I have a brown thumb. I kill houseplants. I killed an aloe vera once, and that’s hard. But I live in California and have an automatic watering system, so it’s hard to fail too badly at growing things. For obvious reasons, roses are a meaningful flower for me. (Heather would be too, but it’s harder to grow here and not nearly as picturesque.) I have somewhere around 30-40 different roses growing in my yard but I don’t get to spend as much time enjoying them as I’d like. That’s why I started the habit of bringing a rose (or two) from my garden to put on my desk at work every week. That, and the insufferable smugness of being able to do so practically year round. I do a major pruning around January or February every year and take a break from the desk roses, but the rest of the year they come through. There’s a third, more philosophical reason for the desk roses. I pledged to myself that I’d never wait for anyone else to bring me roses–I’d not only give them to myself, but I’d plant an entire rose garden to make sure.
Q: Who and/or what has influenced your writing the most?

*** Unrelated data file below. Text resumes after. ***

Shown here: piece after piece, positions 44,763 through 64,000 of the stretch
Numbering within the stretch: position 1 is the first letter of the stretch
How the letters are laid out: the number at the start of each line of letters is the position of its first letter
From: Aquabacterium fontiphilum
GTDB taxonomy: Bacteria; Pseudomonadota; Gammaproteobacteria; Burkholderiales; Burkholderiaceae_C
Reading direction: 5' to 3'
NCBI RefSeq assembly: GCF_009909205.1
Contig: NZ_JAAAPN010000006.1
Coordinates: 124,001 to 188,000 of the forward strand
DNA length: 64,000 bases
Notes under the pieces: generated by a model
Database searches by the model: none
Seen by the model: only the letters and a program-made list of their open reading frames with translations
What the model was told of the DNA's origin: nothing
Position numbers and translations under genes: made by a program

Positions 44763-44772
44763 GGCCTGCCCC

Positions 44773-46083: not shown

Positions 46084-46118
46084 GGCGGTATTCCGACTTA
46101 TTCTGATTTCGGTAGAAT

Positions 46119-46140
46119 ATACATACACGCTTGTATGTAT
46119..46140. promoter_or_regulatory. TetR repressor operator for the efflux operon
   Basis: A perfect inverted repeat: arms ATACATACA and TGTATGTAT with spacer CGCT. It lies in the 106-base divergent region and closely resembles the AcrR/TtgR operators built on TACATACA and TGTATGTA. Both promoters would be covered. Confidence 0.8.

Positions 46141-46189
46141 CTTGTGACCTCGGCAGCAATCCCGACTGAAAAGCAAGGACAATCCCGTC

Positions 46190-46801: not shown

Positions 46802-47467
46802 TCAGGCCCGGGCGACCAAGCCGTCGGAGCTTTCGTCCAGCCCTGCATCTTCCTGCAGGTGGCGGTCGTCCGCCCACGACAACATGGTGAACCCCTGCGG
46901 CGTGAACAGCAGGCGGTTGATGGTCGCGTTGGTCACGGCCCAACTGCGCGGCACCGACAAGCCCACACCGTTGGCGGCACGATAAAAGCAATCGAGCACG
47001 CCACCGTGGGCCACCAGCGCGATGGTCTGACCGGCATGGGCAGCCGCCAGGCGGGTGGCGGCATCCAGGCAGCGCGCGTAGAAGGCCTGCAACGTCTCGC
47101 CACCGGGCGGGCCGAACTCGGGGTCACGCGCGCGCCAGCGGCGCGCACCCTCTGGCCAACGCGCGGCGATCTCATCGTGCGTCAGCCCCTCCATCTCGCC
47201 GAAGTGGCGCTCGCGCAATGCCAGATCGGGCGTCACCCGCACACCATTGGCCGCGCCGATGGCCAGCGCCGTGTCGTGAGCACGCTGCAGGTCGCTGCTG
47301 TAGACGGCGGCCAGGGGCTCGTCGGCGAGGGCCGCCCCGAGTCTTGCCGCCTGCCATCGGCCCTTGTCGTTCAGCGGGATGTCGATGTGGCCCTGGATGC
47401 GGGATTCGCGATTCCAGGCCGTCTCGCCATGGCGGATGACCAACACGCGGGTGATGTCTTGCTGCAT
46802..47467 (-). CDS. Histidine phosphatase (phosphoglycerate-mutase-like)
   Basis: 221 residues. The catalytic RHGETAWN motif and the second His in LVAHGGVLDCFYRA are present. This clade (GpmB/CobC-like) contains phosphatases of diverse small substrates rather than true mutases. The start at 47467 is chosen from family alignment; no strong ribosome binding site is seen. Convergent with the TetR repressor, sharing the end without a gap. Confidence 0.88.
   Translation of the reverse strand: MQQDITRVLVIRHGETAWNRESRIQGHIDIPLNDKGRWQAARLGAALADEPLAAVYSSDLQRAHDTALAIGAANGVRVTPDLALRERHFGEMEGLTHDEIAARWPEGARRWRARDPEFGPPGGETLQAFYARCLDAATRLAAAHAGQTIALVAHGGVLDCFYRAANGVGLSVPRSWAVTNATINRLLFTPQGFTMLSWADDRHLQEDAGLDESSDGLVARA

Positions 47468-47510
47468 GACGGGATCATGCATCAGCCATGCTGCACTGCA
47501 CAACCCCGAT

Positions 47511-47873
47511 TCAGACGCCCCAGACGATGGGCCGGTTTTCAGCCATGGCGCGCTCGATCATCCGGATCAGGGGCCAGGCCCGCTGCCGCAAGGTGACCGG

Another hard question. My influences and inspirations tend to get thrown into the mulch pile of my back-brain. By the time they’ve composted enough to fertilize story seeds, it’s hard to identify individual influences. I’ve read so many books from so many different–very different–authors. It’s easier to identify the abstract influences. One is a sense of the fantastic possibilities around every corner in everyday life. Not that I actually believe in fantastic things, but the stories that most inspired me usually involved an ordinary world with strange things happening. I still remember reading Mary Norton’s The Borrowers when I was ten years old and choosing to believe that every old house had colonies of tiny people living in the interstices. Every time I’ve lived in a house with a basement, my imagination has populated that space with monsters and secrets. My second most important influence was the lack of media representation I felt growing up. It was impossible to find characters I could identify with thoroughly. The closest I came were the “lost child from a different plane of reality” like Alexander Key’s The Forgotten Door. I started writing stories so that I could populate them with characters who made me feel less alone.